A therapeutic antibody targeting osteoprotegerin attenuates severe experimental pulmonary arterial hypertension.
Arnold ND., Pickworth JA., West LE., Dawson S., Carvalho JA., Casbolt H., Braithwaite AT., Iremonger J., Renshall L., Germaschewski V., McCourt M., Bland-Ward P., Kowash H., Hameed AG., Rothman AMK., Frid MG., Roger Thompson AA., Evans HR., Southwood M., Morrell NW., Crossman DC., Whyte MKB., Stenmark KR., Newman CM., Kiely DG., Francis SE., Lawrie A.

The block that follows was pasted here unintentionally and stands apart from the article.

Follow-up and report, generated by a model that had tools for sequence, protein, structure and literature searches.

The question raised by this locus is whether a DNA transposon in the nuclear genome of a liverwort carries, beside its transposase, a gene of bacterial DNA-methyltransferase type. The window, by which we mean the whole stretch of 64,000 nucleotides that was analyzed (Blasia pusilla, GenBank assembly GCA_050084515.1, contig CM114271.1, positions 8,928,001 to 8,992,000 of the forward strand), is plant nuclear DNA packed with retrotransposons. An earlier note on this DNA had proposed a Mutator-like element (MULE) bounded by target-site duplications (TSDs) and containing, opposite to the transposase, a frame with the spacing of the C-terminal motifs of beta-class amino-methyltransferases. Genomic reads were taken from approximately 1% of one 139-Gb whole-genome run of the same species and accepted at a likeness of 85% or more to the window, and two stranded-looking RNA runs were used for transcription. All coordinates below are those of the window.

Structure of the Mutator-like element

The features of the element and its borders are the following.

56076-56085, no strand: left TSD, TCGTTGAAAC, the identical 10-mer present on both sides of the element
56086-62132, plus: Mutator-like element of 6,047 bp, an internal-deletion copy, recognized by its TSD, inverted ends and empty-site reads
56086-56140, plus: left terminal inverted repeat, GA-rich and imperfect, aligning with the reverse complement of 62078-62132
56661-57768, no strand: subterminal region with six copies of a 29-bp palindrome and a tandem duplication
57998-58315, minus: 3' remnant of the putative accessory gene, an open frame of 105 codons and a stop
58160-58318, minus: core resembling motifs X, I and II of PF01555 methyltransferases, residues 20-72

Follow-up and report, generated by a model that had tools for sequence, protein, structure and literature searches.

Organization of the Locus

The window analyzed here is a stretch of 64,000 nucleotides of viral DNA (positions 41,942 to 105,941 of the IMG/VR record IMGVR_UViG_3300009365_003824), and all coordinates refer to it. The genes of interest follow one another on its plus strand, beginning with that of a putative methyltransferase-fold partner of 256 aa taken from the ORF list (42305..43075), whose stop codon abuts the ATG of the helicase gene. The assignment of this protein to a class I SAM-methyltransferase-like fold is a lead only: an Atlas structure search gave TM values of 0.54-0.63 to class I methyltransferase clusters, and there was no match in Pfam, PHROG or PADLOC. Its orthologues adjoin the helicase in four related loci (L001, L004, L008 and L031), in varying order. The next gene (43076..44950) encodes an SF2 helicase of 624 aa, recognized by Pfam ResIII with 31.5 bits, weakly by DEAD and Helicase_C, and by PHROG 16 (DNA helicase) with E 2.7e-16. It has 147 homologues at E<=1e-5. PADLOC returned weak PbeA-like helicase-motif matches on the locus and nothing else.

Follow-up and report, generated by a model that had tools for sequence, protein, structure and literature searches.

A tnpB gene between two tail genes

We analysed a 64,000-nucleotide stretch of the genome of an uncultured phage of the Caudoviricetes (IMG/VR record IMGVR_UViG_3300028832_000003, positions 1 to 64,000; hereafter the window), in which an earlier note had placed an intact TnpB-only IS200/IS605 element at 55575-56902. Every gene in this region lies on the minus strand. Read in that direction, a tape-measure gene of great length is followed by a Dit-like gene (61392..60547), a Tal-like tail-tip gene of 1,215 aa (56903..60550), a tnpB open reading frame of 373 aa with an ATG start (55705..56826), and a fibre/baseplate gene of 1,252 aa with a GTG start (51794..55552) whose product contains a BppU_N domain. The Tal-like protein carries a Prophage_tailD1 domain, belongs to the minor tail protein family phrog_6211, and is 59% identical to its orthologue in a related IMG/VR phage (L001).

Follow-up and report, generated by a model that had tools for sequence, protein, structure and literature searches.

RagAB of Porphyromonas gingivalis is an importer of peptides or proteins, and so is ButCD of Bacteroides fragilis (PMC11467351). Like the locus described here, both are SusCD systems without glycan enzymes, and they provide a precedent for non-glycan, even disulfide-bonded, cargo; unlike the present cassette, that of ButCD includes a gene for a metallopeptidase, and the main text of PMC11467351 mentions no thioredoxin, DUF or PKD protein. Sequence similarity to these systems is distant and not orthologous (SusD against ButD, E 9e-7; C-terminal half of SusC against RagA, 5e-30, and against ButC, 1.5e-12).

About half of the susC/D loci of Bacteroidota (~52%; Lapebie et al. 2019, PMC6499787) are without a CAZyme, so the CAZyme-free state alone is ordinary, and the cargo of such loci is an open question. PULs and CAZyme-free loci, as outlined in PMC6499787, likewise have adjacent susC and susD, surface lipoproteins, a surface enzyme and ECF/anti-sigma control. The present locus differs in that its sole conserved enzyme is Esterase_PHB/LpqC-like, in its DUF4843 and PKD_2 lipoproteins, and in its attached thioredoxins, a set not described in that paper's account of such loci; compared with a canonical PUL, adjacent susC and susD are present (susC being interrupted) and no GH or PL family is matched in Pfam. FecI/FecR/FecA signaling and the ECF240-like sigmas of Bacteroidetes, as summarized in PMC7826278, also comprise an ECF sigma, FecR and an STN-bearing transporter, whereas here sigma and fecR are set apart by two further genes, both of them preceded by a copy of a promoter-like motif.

Pulmonary arterial hypertension (PAH) is a rare but fatal disease. Current treatments increase life expectancy but have limited impact on the progressive pulmonary vascular remodelling that drives PAH. Osteoprotegerin (OPG) is increased within serum and lesions of patients with idiopathic PAH and is a mitogen and migratory stimulus for pulmonary artery smooth muscle cells (PASMCs). Here, we report that the pro-proliferative and migratory phenotype in PASMCs stimulated with OPG is mediated via the Fas receptor and that treatment with a human antibody targeting OPG can attenuate pulmonary vascular remodelling associated with PAH in multiple rodent models of early and late treatment. We also demonstrate that the therapeutic efficacy of the anti-OPG antibody approach in the presence of standard of care vasodilator therapy is mediated by a reduction in pulmonary vascular remodelling. Targeting OPG with a therapeutic antibody is a potential treatment strategy in PAH.